INTERPOL was charged with a pretty limited and subjective mision, that was to “Examine the user files on the eight seized FARC computers and to determine whether any of the user files had been newly created, modified or deleted on or after 1 March 2008.” INTERPOL did not occupy itself with verifying the origin, accuracy or source of those files or computers, which means that reasonable doubt still remains regarding the true authorship of that data. INTERPOL took for granted that the machines and the evidence pertained to Raul Reyes and the FARC, which in legal terms prejudices the entire investigation because it shows that from the beginning, INTERPOL had already taken the side of the Colombian government.

INTERPOL’s report
states specifically that the scope of their forensic examination was limited to a) determining the actual data contained in the eight seized FARC computer exhibits, b) verifying whether the user files had been modified in any way on or after 1 March 2008, and c) determining whether Colombian law enforcement authorities had handled and examined the eight seized FARC computer exhibits in conformity with internationally recognized principles for handling electronic evidence by law enforcement.” [Interpol Report, page 7].

Subsequently, INTERPOL’s report confirms that the “verification of the eight seized FARC computer exhibits by INTERPOL does not imply the validation of the accuracy of the user files, the validation of any country’s interpretation of the user files or the validation of the source of the user files.” [Interpol Report, page 9].

So, INTERPOL only examined and verified whether the data contained on the computers had been created, modified or deleted after March 1 when it was publicly in the hands of the Colombian government. And although in their own report, INTERPOL concludes that access to the machines between March 1 and March 3 by the Grupo Investigativo de Delitos Informáticos of the Colombian Judicial Police (DIJIN) “did not conform to internationally recognized principles for handling electronic evidence by law enforcement” [Page 31], Secretary General Noble justifies that violation and the modifications made by the DIJIN as part of the difficulties encountered by those law enforcement who “are first on the scene”.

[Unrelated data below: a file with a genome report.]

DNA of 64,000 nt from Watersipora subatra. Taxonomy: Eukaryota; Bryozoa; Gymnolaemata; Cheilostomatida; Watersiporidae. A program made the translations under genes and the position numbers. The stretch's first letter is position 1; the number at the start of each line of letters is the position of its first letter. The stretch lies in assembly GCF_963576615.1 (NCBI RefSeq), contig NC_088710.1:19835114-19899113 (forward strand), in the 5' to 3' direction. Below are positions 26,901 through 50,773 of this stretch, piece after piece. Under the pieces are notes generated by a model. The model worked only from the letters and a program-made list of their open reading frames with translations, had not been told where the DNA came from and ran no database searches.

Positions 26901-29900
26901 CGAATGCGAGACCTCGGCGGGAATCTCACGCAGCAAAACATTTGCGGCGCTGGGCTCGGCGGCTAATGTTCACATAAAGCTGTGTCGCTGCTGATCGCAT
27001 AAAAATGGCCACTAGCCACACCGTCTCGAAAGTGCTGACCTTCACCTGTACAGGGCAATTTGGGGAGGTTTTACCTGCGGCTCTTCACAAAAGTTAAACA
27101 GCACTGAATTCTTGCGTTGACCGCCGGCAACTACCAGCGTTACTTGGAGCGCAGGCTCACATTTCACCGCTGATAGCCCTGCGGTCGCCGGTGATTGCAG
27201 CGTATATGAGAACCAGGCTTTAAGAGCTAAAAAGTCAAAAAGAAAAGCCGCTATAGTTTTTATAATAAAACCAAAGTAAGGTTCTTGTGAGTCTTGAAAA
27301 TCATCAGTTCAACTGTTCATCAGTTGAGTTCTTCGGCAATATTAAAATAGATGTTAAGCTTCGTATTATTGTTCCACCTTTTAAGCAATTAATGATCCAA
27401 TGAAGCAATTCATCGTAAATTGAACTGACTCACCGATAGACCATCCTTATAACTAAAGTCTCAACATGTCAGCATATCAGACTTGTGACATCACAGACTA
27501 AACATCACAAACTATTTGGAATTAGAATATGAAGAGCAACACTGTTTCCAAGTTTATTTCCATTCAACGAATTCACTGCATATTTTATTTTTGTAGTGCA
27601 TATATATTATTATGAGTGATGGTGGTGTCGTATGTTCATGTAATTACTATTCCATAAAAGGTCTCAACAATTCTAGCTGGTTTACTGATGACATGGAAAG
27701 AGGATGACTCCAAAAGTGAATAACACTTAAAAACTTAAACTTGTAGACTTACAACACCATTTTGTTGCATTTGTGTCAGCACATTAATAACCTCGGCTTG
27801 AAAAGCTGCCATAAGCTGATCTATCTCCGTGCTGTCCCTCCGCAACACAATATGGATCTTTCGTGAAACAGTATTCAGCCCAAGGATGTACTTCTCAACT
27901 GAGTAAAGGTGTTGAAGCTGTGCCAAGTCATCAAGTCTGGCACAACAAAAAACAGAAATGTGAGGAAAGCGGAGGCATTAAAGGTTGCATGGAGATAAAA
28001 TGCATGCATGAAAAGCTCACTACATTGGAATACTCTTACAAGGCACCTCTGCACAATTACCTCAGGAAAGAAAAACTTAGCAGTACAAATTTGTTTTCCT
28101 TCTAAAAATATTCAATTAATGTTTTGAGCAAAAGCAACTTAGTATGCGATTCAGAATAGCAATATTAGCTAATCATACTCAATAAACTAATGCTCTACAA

INTERPOL says its role was “exclusively technical” yet Secretary General Noble began his press conference on May 15 with a very partialized political discourse in favor of the Colombian government and condemning the FARC as drugtraffickers and terrorists. When asked by a journalist from TELESUR whether he could confirm the source of the evidence, Noble blurted our “I can say with certainty that the computers came from a FARC terrorist camp…” The journalist asked if they belonged to any person in particular, and Noble responded “yes, the now dead Reyes…”

If we return to page 9 of the INTERPOL report we can clearly read the statement: “the verification of the eight seized FARC computer exhibits by INTERPOL does not imply the validation of the accuracy of the user files, the validation of any country’s interpretation of the user files or the validation of the source of the user files.”

So, how did Mr. Noble know the computers belonged to Raul Reyes if INTERPOL did not analyze their origen?

In the end, INTERPOL can say that technically those computers were not modified or altered after March 1, but that tells us nothing concrete that could serve as legal evidence in a court of law. We don’t know the source of those machines. We don’t know who created the documents, text and data on those computers. There is no way whatsoever to authenticate the information contained on the thousands of Word documents and emails on those computers. They could be stories, wishes, dreams, prayers or fantasies. What they are not is actual hard core proof of a crime.